Retention of Employee in Education Industry

Topics: Education, Employment, Higher education Pages: 8 (1694 words) Published: September 10, 2013
Employees are the assets of the organisation. Since the slow destruction rate is high, organisation must understand the various causes for this problem. Retention of employee involves taking measures to encourage employees to remain in the organization for the maximum period of time. Corporate is facing lot of problems in employee retention these days. Hiring knowledgeable people for the job is essential for an employer. But retention is even more important than hiring. There is no shortage of opportunities for a talented person. There are many organizations which are looking for such employees. If people are not satisfied with their job, they may switch over to some other more suitable job. In today’s environment it becomes very important for organizations to retain their employees. This paper aims to study the retention strategy which will show the way to victory in the modern era of Education industry. Keywords: Retention, switchover, focus on education sector

EDUCATION INDUSTRY

The Indian education sector has been recognized as a “Sunrise Sector” for investment in the recent past. This recognition stems from the fact that the sector offers a huge untapped market in regulated and non-regulated segments due to low literacy rate, high concentration in urban areas and growing per capita income. The Government has also been proactively playing the role of facilitator in this sector.

The higher education sector, owing to its huge potential, holds very promising prospects. With an estimated 150 million people in the age group of 18-23 years, the sector offers one of the most attractive yet highly complex market for the private/foreign players.

Despite some inherent concerns with respect to choice of entity, not for profit character and foreign investment in formal education space; the industry does offer various innovative business opportunities, which can be explored for establishing a presence.

The Government of India has recently reignited its reforms agenda by opening up certain sensitive sectors to foreign investment such as retail and civil aviation, which should ideally result in increased economic activity and employment generation. In order to capitalize on this huge employment opportunity, in the higher education sector also by reducing the complexities governing foreign investment. This should also help the Government in achieving its aggressive goals of access, equity and excellence in higher education.

The Planning Commission in its approach paper to 12th Five Year Plan had suggested that the current “not-for-profit” approach in the education sector should be re-examined in a pragmatic manner so as to ensure quality without losing focus on equity – we believe that the Government should seriously consider this suggestion to attract private/foreign investment in this sector.

This Report provides an overview of the higher education sector in terms of sub-segments, market size and latest trends, regulatory framework, sectoral challenges and present/future opportunities for investment. The primary finding of our analysis is that the opportunity for investment and capital appreciation being offered by the Indian higher education sector is unparalleled. However, one needs to be wary about the various complexities in terms of structuring of investment, market offering, entity options and tax implications.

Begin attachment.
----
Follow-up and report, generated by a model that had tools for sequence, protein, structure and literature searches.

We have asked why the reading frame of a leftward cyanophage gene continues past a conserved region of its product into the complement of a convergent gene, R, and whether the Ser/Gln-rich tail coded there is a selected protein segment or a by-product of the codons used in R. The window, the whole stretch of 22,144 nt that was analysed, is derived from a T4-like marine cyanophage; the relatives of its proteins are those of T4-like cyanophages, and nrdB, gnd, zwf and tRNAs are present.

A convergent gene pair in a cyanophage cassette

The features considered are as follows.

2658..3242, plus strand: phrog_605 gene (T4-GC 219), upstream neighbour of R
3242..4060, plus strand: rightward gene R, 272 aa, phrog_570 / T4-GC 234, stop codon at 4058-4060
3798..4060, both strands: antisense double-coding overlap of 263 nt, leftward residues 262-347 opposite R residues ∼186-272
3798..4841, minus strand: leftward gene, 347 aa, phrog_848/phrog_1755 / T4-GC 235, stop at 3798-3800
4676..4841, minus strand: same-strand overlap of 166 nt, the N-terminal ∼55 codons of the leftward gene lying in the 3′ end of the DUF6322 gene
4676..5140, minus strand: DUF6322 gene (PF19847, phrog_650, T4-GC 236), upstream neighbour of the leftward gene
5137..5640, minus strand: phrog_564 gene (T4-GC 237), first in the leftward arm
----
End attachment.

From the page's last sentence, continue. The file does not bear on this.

Employability in education sector increase day by day and same ratio of retention will move downwards there is two major factor firstly, opportunities and secondly, growth rate this will lead to employee move one organization to another for that educational institution has to think seriously for retention rate.

Current higher education sector in India:

India has a total of 610 universities. 43 central universities, 299 state universities, 140 private Universities, 128 deemed universities and 5 institutions established through state legislation, 30 Institutions of National...

Bibliography: • Branham, L. (2005). The seven hidden reasons employees leave. New York: American Management Association.
• Clowney, C. (2005, October) Best practices in recruiting and retaining a diverse faculty. Clowney and Associates: Web Conference.
• Employee retention toolkit. Retrieved December 20, 2005, from Society for
Human Resource Management Website: www.shrm.org
• Falcone, P. (2006). Preserving restless top performers. HR Magazine, 51(3), pp.
• 117-122
• Glube, N. (1998, January, reviewed 2002, October) Retention tools for turbulent times. Retrieved on May, 31, 2005, from Society for Human Resource Management Website: www.shrm.org
• Lockwood, N. R. (2004). The three secrets of retention: Respect, rewards and recognition. Research Translations, 12-2004, Retrieved May 31, 2005, from Society for Human Resource Management Website: www.shrm.org
• Monster, Inc. (2006, Winter). Retention strategies for 2006 and beyond.
Continue Reading

Please join StudyMode to read the full document

You May Also Find These Documents Helpful

  • Employee Retention & Hospitality Industry Research Paper
  • Employee retention Research Paper
  • Employee retention Essay
  • Emerging Employee Retention Strategies in IT Industry Essay
  • Employee Retention Essay
  • Essay on Employee Retention
  • Employee Retention Essay
  • Employee Retention Essay

Become a StudyMode Member

Sign Up - It's Free